Article image

How freshwater mussels are threatened by sea-level rise

Freshwater mussels, known for their sensitivity to water quality changes, may be at heightened risk due to the impacts of increasing sea levels on coastal rivers

A recent investigation has shed light on the potential dangers that these species, along with other salt-sensitive organisms, face in the wake of climate-induced sea level changes.

Focus of the study 

The goal of the research, published in Environmental Toxicology and Chemistry, was to understand the threshold of sea salt concentration that could jeopardize the survival of juvenile mussels. 

This information is crucial in understanding the implications of rising sea levels on these species and the ecosystems they inhabit.

Increased salinity levels 

“Sea levels across the planet are rising, particularly along the eastern coast of the United States. Climate-induced sea level rise can result in the inundation and intrusion of seawater into freshwater drainages. This would alter salinity regimes and lead to the salinization of coastal freshwater ecosystems,” wrote the study authors. 

“Increased salinity levels in freshwater can negatively affect freshwater-dependent species, including native mussels belonging to the order Unionida, which are highly sensitive to changes in water quality.” 

“Sea salt is largely made up of sodium and chloride ions, forming sodium chloride, a known toxicant to freshwater mussels. However, sea salt is a mixture that also contains other major ions, including potassium, sulfate, calcium, strontium, and magnesium, among others.”

“Freshwater mussels exposed to sea salt would be exposed to each of the sea salt ions at the same time, resulting in a mixture toxicity effect. The mixture toxicity of these ions on early life stages of freshwater mussels is largely unknown because most research to date has evaluated individual salt ions in relative isolation.”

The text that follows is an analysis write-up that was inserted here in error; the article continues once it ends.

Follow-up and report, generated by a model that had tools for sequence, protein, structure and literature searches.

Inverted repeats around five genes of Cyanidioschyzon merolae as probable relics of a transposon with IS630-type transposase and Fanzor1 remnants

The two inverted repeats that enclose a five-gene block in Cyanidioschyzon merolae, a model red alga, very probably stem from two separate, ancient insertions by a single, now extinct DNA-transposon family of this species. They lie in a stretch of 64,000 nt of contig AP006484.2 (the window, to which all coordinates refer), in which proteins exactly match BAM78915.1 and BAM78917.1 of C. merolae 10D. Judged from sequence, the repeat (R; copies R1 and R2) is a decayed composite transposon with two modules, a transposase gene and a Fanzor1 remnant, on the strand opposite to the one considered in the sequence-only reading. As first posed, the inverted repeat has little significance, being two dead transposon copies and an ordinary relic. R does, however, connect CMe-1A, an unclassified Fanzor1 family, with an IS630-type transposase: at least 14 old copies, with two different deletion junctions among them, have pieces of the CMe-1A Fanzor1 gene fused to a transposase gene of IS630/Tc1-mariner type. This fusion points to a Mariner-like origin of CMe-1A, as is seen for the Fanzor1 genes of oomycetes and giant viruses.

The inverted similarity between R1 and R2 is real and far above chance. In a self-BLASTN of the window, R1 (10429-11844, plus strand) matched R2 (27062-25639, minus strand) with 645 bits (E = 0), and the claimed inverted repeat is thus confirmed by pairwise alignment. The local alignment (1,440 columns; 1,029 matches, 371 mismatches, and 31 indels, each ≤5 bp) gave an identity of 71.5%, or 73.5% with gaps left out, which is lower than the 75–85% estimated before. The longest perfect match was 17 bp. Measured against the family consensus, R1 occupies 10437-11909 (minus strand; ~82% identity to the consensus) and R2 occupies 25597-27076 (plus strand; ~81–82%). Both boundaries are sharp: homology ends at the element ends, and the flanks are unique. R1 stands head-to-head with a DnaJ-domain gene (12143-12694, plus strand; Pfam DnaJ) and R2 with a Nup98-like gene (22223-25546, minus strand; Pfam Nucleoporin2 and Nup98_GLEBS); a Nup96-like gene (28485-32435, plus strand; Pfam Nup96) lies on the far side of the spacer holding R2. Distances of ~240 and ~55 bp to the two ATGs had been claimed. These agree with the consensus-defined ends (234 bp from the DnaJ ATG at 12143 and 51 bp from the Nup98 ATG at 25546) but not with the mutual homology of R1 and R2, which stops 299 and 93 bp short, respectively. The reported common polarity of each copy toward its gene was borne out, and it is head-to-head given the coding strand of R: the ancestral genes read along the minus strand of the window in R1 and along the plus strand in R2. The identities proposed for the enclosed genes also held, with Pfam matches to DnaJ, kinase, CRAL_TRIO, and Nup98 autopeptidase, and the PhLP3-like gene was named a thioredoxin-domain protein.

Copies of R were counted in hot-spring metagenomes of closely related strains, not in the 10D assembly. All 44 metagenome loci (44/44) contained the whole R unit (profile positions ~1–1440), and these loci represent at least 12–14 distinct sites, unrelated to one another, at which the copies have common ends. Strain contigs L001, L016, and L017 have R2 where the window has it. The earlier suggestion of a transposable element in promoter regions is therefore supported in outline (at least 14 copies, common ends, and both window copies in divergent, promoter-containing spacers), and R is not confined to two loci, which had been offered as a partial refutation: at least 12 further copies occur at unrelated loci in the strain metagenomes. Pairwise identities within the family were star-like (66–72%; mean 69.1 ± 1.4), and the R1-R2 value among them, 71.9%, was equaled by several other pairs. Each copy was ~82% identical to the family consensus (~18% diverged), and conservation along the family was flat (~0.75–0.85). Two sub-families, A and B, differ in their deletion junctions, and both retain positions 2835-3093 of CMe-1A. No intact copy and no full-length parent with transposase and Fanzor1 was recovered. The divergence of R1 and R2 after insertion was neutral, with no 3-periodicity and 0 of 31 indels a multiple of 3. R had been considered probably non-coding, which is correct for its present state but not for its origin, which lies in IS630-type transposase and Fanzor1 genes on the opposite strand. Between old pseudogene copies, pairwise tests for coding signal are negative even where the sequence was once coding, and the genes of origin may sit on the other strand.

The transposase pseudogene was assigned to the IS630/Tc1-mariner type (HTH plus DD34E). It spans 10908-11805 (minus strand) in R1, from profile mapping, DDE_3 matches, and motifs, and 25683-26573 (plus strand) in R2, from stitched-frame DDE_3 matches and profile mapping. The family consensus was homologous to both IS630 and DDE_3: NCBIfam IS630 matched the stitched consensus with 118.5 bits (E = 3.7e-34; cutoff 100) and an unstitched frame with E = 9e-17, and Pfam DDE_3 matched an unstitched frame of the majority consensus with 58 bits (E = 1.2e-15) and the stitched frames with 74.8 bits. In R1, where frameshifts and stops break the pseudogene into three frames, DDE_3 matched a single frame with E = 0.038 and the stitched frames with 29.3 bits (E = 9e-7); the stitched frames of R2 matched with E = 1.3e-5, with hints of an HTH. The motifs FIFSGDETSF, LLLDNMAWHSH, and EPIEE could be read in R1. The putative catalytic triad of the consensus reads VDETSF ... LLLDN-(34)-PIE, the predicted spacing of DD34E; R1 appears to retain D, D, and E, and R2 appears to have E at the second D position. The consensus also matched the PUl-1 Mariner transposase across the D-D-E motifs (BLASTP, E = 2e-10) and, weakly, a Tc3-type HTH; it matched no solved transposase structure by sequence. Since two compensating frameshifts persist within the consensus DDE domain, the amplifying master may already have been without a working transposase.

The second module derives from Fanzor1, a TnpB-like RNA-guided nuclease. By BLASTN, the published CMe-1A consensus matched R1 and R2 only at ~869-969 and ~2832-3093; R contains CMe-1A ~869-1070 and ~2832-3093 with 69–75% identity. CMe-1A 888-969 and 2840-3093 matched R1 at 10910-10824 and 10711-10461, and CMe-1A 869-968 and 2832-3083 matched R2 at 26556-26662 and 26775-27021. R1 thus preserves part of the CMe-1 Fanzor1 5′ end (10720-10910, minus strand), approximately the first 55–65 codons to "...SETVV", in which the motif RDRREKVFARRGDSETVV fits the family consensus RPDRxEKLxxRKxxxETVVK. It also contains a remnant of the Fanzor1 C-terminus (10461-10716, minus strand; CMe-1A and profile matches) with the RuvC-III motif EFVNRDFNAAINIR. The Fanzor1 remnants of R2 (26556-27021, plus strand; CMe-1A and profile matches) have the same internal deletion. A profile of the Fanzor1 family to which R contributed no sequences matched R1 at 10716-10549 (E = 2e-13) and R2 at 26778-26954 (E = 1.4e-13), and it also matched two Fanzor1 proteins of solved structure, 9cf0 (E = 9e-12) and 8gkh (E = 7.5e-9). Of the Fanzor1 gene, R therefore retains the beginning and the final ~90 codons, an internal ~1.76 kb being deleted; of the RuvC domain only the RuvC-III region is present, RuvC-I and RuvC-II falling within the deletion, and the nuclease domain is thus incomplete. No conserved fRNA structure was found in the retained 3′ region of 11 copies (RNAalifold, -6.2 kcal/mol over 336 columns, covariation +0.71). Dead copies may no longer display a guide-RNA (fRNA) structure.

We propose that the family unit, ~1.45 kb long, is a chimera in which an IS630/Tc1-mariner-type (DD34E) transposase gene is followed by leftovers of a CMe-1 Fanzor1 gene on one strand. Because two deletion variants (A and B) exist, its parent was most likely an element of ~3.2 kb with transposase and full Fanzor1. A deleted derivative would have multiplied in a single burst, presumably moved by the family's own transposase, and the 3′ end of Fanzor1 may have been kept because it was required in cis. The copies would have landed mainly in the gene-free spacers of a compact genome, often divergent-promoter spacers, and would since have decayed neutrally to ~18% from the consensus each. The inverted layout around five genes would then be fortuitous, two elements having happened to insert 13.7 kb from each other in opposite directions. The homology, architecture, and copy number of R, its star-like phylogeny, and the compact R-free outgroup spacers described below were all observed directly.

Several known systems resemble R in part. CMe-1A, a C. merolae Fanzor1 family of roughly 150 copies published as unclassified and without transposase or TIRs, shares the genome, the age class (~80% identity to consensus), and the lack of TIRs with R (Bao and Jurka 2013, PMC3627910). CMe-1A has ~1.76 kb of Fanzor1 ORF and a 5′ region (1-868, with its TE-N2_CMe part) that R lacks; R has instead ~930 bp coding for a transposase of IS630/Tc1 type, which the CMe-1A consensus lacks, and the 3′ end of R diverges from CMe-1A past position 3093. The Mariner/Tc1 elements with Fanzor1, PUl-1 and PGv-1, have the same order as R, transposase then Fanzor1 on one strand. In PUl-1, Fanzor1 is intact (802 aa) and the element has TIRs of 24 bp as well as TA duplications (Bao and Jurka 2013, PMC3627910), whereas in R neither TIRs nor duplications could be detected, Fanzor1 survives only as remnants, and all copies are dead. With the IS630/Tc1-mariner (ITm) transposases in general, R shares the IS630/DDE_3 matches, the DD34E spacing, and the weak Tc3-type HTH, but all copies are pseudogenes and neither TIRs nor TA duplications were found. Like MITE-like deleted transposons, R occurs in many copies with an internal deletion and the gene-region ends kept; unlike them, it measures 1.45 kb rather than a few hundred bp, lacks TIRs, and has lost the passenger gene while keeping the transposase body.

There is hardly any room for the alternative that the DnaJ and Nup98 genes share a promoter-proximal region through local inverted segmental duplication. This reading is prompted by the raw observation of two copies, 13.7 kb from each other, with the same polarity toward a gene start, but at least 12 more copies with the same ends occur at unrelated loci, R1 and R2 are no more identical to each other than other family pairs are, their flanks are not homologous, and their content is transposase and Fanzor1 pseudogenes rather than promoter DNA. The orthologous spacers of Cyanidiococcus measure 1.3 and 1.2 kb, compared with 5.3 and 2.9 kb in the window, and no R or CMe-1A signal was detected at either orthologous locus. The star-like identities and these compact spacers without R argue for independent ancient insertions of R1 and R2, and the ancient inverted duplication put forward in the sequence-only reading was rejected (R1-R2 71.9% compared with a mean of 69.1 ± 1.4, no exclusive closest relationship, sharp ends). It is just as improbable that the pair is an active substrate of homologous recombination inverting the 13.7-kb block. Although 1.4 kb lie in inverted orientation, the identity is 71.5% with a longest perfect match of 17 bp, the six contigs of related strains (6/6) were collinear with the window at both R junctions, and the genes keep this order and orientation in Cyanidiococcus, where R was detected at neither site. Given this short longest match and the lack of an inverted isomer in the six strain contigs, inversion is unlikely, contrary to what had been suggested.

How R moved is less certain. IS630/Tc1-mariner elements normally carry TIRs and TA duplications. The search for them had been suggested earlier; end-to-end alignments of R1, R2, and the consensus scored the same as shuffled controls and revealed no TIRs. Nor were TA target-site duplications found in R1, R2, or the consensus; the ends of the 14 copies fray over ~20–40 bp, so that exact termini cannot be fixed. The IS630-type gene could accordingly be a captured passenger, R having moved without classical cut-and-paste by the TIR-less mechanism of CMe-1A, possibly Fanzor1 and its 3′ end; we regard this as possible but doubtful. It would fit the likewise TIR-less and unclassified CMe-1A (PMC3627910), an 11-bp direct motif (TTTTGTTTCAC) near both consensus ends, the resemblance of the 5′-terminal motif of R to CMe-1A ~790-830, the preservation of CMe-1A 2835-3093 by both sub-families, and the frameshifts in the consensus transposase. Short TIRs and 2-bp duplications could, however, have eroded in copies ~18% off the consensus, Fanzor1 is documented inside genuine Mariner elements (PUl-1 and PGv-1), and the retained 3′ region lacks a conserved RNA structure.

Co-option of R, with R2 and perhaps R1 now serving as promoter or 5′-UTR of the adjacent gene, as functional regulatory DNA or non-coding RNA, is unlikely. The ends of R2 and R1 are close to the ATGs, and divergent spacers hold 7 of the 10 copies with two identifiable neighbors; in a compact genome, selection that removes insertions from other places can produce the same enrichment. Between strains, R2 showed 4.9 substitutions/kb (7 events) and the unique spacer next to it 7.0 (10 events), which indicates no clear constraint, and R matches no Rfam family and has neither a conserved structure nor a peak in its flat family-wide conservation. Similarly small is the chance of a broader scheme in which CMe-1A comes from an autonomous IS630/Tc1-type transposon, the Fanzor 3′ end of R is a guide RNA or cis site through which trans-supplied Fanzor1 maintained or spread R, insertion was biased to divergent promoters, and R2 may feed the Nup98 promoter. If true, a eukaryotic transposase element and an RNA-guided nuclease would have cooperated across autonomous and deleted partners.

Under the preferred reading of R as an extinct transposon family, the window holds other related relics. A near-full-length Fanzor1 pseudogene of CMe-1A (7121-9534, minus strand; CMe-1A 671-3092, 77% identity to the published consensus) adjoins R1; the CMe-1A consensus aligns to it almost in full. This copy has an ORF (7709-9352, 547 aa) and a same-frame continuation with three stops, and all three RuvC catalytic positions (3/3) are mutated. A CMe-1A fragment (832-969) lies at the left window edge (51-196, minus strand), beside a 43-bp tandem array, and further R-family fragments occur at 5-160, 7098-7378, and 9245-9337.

How the research was conducted

To investigate, the researchers conducted acute toxicity tests on early life stages (glochidia and juvenile) of three freshwater mussel species. 

The southeastern coast of the US became the focal point of the study, given that this region has observed a consistent sea-level rise, ranging from 2 to 6mm annually. 

What the researchers learned 

The study revealed that salt water is toxic to both glochidia and juvenile life stages of freshwater mussels, with glochidia being the most sensitive life stage.

This is consistent with previous research that has shown glochidia to be the most sensitive life stage and that glochidia are more sensitive to sodium chloride than juveniles, noted the researchers.

By identifying the toxic levels of salt water for mussels at different stages of their life cycle, the study offers a roadmap for conservation initiatives. Such insights could pave the way for developing better strategies that factor in the challenges of sea level rise and the subsequent saltwater intrusion.

Study significance 

Study co-author Joseph McIver from North Carolina State University emphasized the global significance of the issue. 

“Climate change represents a serious threat to our aquatic ecosystems worldwide and the organisms that live there,” said McIver. 

“Protecting and conserving our already highly imperiled freshwater mussels is of paramount importance and our research on the effects of salinity and sea level rise will hopefully contribute valuable information toward these goals.”

Study implications 

The potential ramifications of sea level rise stretch beyond mussels and could reshape the balance of entire ecosystems. 

As freshwater sources face the threat of increased salinity, a ripple effect may be felt throughout the food chain, impacting not only salt-sensitive species but also the larger web of life they support.

Protecting vulnerable species like freshwater mussels may be a small piece of a much larger puzzle, but it is a critical step towards preserving the delicate balance of our planet’s ecosystems.

Like what you read? Subscribe to our newsletter for engaging articles, exclusive content, and the latest updates.


Check us out on EarthSnap, a free app brought to you by Eric Ralls and

News coming your way
The biggest news about our planet delivered to you each day